Friday, November 14, 2008

Then She Lost Me

Then She Found Me, the latest from Helen Hunt, was disappointing. Such a great cast - Colin Firth, Matthew Broderick, Bette Midler, and Helen - what happened? Well, the movie resembles the book not at all. The novel Then She Found Me is low-key with lots of internal dialog. And it's own story is better than what they came up with: desperate 39 year-old wants a baby, but her marriage collapses as her adoptive mother dies and her birth mother contacts her. In the novel, even the threads work better than this screenplay. The adoptive mother in the novel is a Holocaust survivor, which obviously yields much more interesting character development for her and the daughter she adopts. And, with all due respect to Helen, she looks MUCH older than 39 in this movie. How old is she really? It's actually pretty hard to have sympathy for her, when she backslides into her failed marriage with Matthew Broderick while Colin Firth longs for her from the sidelines. Look, Ferris Bueller was cute, but he's no match for devastating Mr. Darcy.

Elinor Lipman wrote this novel, and of all of her books to turn into a film, this was not the best choice. I love her work, but it is usually too subtle for movies. Except for The Ladies' Man - now that has some really funny scenes and excellent one-liners. That novel could work as a movie.
There's so much chick-lit out there: The Spellman Chronicles by Lisa Lutz, Olivia Joules and the Overactive Imagination by Bridget Jones' author Helen Fielding, or nearly any of the Helen Wells books by Meg Cabot (so funny with a sexy heroine). Helen Fielding's Olivia Joules is hilarious, with a blockbuster climax as the Oscar ceremony receives a bomb threat. You'd think Hollywood would be all over this cameo-rich opportunity. But maybe they're afraid they'll give someone a bad idea. Seems like Helen Hunt got the bad idea with this one.

Thursday, November 13, 2008

French Bikini vs. American Bikini

Just watched a gorgeous film, Bonjour Tristesse. While it has a flimsy story, the cinematography is worth it. Set in the late 1950's on the French Riviera, the locations, the fashions, and the lovely French teenagers more than make up for the plot, which follows the summer adventure of a French girl and her morally casual father played by David Niven.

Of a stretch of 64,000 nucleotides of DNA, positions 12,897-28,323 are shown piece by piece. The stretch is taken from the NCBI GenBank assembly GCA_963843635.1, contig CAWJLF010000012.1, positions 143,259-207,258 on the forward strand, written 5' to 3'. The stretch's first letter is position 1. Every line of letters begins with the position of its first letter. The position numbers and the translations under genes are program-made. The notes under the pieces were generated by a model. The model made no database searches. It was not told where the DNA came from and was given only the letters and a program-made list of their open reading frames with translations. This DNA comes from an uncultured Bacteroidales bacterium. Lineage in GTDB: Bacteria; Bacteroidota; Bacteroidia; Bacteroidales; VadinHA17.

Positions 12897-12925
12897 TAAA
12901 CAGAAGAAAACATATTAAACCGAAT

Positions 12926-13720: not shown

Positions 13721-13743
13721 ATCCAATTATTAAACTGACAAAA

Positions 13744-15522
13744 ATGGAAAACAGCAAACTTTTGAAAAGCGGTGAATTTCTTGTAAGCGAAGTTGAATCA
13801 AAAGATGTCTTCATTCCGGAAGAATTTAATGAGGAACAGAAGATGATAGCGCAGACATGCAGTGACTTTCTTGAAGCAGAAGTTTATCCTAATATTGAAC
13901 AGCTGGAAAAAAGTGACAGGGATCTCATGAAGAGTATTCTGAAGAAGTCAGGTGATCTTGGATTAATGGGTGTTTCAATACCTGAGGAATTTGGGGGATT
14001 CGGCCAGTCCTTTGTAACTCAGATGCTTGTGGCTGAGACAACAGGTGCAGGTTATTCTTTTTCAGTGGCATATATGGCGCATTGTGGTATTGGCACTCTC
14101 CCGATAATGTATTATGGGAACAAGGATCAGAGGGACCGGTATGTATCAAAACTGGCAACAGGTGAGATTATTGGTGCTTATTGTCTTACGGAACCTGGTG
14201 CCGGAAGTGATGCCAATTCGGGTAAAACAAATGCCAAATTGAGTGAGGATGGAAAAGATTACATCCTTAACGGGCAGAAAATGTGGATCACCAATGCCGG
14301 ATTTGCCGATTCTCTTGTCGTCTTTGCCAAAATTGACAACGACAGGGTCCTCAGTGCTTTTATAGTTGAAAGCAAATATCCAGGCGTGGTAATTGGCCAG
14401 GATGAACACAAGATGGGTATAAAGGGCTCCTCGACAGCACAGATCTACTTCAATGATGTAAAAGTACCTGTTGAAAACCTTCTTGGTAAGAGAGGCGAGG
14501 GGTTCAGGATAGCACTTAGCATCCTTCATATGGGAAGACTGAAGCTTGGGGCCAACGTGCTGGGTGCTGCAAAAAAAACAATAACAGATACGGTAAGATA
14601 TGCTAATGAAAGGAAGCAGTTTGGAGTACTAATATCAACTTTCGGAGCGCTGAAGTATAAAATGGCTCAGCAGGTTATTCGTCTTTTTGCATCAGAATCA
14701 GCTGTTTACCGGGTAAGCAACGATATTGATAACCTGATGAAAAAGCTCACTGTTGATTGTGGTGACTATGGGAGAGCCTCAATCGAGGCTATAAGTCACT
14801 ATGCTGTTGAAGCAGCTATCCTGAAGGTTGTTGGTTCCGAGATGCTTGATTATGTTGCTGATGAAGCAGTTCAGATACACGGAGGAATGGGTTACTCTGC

This is the French version of Gidget in my opinion. Although, they are two very different movies, both are quite in tune with teen desires and conflict. Strangely, it is the American Gidget who comes across as more mature, although certainly not more sophisticated. The simple plot of Bonjour Tristesse is driven by the temper tantrums of a lovely brat played by Jean Seberg, who is annoyed when her father's new fiance threatens her summer romance. Deborah Kerr, as daddy's new fiance, is quite startling: she plays a French fashion designer with remarkably strict moral guidelines. Who knew? Maybe way back in 1958, such things existed. Deborah Kerr's prudish fashionista was marvelously cast, as are all the roles. You can hardly blame our little teenagers: tiny bikinis, loads of free time, and you're FRENCH! Why wouldn't you make out in the sand?

While Bonjour Tristesse has the stereotypical European decadence, Gidget is the opposite. Little French teenager Cecile flunks her exams and takes her father's philandering in stride. All-American Gidget, however, makes surfing a skill and maintains high standards all day and far into those night-time parties.

And over the summer, wholesome, lovely Gidget works her magic, although she is completely unaware of it. Her natural innocence and girlishness is so attractive to these surfer dudes, they're inspired to do all the things they've forsworn in their beach-bum lifestyle: get jobs, go to law school, and be responsible citizens. Gidget inspires these losers to be MEN. Amazing. And she didn't even try to - it just happened.

Wednesday, November 12, 2008


Introducing MovieGirl - your full-service entertainment blog. Need movie suggestions? Let's face it, there are soooo many choices out there. So let's sort them out. I'll help!